The Brazilian film Bacurau, at once a pulsating thriller, a mood piece and a sharp political critique, is two films stitched together – a deliciously atmospheric and slow-burning neo-Western in the first half, and a hyper-violent, campy invasion / revenge flick in the second. Consequently, its echoing and subversion of generic conventions accentuated the filmmakers’ outrage against neofascism. The opening scenes, where a woman and guy drive in a ramshackle water truck towards the titular, godforsaken outpost village – a small, arid, closely-knit community – in order to attend the funeral of a much loved matriarch, while discussing about a rebel who’s taken up arms against the local government, set the context for what followed. The opening half was made exquisitely gripping by the deliberate pacing, portrayal of the weather beaten residents – where doctors (Sônia Braga) and teachers live at par with pimps and prostitutes, with a common disdain for the unctuous local politician –, and a beautifully elegiac tone – established through moments of silence, mournful funeral processions, slow guitar strummings, haunting folk songs and a stirring sense of impending doom. Things start taking an eerie downturn, however, when their village is suddenly erased from the map, all mobile signals get jammed, the water tank gets punctured by bullets and a bunch of ranchers get brutally massacred. And then, in a gleefully lurid turn, a bunch of vicious bounty hunters, led by a racist, arrogant and psychotic leader (Udo Kier) take siege of the village, with the intent to kill for fun. The filmmakers, interestingly, deployed a number of flamboyant stylistic choices, from zooms and wipes to split screens and campy electronic scores, which counterpointed the sense of realism.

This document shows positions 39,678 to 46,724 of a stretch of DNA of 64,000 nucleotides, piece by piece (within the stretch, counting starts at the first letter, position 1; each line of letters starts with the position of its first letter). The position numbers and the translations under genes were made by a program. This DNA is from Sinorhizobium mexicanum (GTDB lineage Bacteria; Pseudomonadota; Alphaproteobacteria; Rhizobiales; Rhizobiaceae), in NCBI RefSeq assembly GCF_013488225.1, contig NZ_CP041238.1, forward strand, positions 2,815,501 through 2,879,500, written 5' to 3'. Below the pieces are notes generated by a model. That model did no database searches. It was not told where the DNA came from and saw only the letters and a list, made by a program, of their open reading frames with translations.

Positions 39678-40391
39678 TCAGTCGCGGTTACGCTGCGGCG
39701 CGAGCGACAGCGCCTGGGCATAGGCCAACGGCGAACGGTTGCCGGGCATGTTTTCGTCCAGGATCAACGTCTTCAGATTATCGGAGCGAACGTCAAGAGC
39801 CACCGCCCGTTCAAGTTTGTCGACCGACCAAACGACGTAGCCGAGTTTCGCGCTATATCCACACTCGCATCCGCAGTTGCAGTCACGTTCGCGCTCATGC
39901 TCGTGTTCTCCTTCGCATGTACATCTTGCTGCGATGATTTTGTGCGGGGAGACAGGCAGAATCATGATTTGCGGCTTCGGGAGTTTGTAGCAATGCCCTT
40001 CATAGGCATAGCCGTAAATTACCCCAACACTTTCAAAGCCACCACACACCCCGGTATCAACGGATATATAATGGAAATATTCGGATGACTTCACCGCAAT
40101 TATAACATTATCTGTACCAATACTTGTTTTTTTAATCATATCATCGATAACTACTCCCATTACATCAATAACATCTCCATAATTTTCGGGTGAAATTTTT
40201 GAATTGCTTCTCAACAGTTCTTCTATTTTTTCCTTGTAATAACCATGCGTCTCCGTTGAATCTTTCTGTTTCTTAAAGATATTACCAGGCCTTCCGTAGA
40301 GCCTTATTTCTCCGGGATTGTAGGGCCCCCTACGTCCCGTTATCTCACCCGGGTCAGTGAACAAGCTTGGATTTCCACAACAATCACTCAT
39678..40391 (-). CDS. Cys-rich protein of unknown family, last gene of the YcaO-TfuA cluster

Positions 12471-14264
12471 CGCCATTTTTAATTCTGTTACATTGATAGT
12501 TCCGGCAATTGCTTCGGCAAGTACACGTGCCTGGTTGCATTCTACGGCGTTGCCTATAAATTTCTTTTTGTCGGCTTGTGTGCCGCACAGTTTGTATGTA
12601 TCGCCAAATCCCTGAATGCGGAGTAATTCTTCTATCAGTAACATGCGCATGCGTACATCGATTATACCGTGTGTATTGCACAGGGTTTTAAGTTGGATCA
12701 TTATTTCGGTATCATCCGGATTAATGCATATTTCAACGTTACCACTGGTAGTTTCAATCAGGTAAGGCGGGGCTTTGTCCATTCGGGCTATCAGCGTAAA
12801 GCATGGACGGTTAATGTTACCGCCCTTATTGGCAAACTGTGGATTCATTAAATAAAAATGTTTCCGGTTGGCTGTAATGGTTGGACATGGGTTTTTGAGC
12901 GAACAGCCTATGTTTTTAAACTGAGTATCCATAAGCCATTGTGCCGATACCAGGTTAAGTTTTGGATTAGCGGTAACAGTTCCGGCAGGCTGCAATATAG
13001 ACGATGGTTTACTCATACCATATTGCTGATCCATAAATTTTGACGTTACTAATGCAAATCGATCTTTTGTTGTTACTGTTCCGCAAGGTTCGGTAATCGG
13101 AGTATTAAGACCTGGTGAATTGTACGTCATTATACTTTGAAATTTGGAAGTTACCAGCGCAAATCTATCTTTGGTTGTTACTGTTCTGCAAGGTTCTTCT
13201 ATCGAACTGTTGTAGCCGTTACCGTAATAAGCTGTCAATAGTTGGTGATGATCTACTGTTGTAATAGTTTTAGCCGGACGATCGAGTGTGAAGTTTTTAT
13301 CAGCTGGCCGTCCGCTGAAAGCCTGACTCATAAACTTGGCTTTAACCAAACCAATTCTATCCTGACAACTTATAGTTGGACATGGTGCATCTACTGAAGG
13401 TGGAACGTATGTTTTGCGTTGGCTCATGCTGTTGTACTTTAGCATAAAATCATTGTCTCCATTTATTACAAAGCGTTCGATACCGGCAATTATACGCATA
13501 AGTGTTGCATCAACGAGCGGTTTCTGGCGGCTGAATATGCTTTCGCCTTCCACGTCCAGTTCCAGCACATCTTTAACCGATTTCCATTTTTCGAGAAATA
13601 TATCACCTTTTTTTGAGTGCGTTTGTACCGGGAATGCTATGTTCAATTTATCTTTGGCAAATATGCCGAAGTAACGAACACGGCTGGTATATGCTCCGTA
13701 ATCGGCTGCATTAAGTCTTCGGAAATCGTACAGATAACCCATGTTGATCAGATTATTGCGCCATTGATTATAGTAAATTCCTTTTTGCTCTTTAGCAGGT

Director: Kleber Mendonça Filho & Juliano Dornelles